Sample Essay on Jazz as the Influences from New Orleans and Chicago

 

Jazz as the Influences from New Orleans and Chicago

Introduction

The need for modern man to entertain himself led to the inception of music, and this can be traced back to several years. Apparently, the twentieth century’s significance cannot be brushed aside, and this was because during the time, there was a global synthesis that designated one of the most stable tendencies- a complex of styles and genres. At the time, there was an aggressive combination of continents, races, and cultures, and this saw the embodiment of jazz (Suhor 19). There is an argument that jazz music traces its roots and origin in New Orleans and later spread to other parts of the US such as the Mississippi and Memphis. It is believed that jazz later spread to St. Louis and finally to Chicago, and through this, antagonism in the US was eradicated as it became the real uniting power and a great contributor to the process of unification. Louis Armstrong, Duke Ellington, Bessie Smith, and other jazz giants made an invaluable contribution to the development of jazz worldwide and some of the great influences of the genre, as will be seen in this paper, started from New Orleans and Chicago (Suhor 19).

Bessie Smith was one of the very first stars of blues and jazz, and she played an integral role in making jazz popular. Smith’s unique voice charmed everybody who heard it, and this underlines the fact that jazz was hastily and easily accepted. She is considered one of the strongest and most passionate singers of jazz music in the twentieth century, and similar contributions to the spread of jazz music were made by Luis Armstrong. Apart from popularizing the genre, Armstrong played an integral in its formation and development, and this was in the twentieth century towards the end of the First World War On the other hand, Duke Ellington’s contribution is evident in his interest in the transformation of well-known melodies, and he always concentrated on experimenting something beyond the well-known jazz stereotypes.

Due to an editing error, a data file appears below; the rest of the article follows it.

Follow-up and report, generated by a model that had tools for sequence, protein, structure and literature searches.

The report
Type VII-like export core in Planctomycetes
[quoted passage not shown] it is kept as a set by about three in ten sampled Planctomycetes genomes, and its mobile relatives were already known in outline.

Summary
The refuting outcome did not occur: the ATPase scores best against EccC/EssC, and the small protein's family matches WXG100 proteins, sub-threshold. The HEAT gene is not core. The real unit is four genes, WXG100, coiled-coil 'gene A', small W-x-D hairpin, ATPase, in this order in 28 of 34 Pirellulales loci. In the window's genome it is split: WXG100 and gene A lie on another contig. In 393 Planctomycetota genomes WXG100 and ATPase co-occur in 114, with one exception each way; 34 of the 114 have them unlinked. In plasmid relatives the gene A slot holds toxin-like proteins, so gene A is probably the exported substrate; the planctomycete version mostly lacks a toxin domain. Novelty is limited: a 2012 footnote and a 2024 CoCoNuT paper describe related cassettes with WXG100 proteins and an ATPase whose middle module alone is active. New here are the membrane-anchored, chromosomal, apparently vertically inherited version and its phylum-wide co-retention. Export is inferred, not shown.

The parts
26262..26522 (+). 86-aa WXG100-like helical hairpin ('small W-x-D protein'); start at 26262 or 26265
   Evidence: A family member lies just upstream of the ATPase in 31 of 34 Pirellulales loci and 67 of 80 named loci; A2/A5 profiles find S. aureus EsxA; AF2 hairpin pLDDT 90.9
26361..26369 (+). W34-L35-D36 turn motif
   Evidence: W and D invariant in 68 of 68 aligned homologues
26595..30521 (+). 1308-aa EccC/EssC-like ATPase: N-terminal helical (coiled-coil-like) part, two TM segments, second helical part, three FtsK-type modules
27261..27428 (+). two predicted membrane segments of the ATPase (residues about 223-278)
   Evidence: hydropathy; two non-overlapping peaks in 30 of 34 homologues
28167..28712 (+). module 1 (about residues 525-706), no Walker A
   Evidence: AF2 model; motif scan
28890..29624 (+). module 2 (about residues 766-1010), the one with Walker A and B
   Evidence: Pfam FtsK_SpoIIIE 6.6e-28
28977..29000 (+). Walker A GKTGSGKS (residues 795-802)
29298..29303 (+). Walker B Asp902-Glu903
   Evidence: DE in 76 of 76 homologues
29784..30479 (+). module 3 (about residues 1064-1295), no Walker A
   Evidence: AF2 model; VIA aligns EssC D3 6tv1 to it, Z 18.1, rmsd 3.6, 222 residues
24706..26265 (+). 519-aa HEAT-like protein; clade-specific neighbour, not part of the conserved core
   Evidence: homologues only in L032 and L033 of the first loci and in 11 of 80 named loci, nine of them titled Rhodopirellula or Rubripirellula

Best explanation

Jazz was of great value to the people of New Orleans and Chicago in the twentieth century, and at the time, racism, discrimination, and segregation of the blacks were rampant. However, with the inception of jazz, the blacks in New Orleans and Chicago became more comfortable, and were accepted by other races. A large part of the population in the two cities also found a sense of peace in jazz music and the influence of jazz in New Orleans and Chicago remains evident today. Through jazz, people are capable of transforming their anger, desire, grief, and compassion into positive energy for every individual. Nevertheless, its negative influences are still felt today, and this underlined the fact that most blacks who are the initiators and proprietors of jazz music are exploited (Hardie 3).

Jazz in New Orleans

There is a strong argument that New Orleans was the birthplace of jazz music in the entire United States and worldwide. In 1917, there was a mixture of Caribbean, African, and European experience in New Orleans, and these led to the creation of jazz music, which started as a local musical practice in the city (Malone and David 54). In the succeeding years, jazz spread from New Orleans to other parts of America such as Chicago and St Louis, and this involved the transformation of dance music and marching band into music that was improvised, cyclic, polyphonic, and playful-voiced. The genre of music incorporated steady dance beats, which were greatly entertaining both to the singers and the audiences. It is argued that the emergence and creation of jazz music in New Orleans are owed to the demographics. As mentioned earlier, the city’s population consisted of blacks, Europeans, and the Caribbean people who mingled thus coming up with jazz. It should be remembered that New Orleans was one of the few cities that provided a receptive environment for the growth and development of jazz.

During the initiation of jazz in New Orleans, the there was no similarity in the sound of bands. Besides, there were various styles of playing jazz, and these were dependent on the purpose of the music, whether it was music to be played at funerals, parades, and for dancing purposes. The initiators of jazz at the time fixed the melody accompanying jazz though everything else was improvised during a performance (Hersch 22). Owing to the segregation and discrimination practices in New Orleans, there was jazz meant for the white and blacks. The contrast between the two is that the jazz for the blacks was considered rough while that for the whites was considered sweet and soft.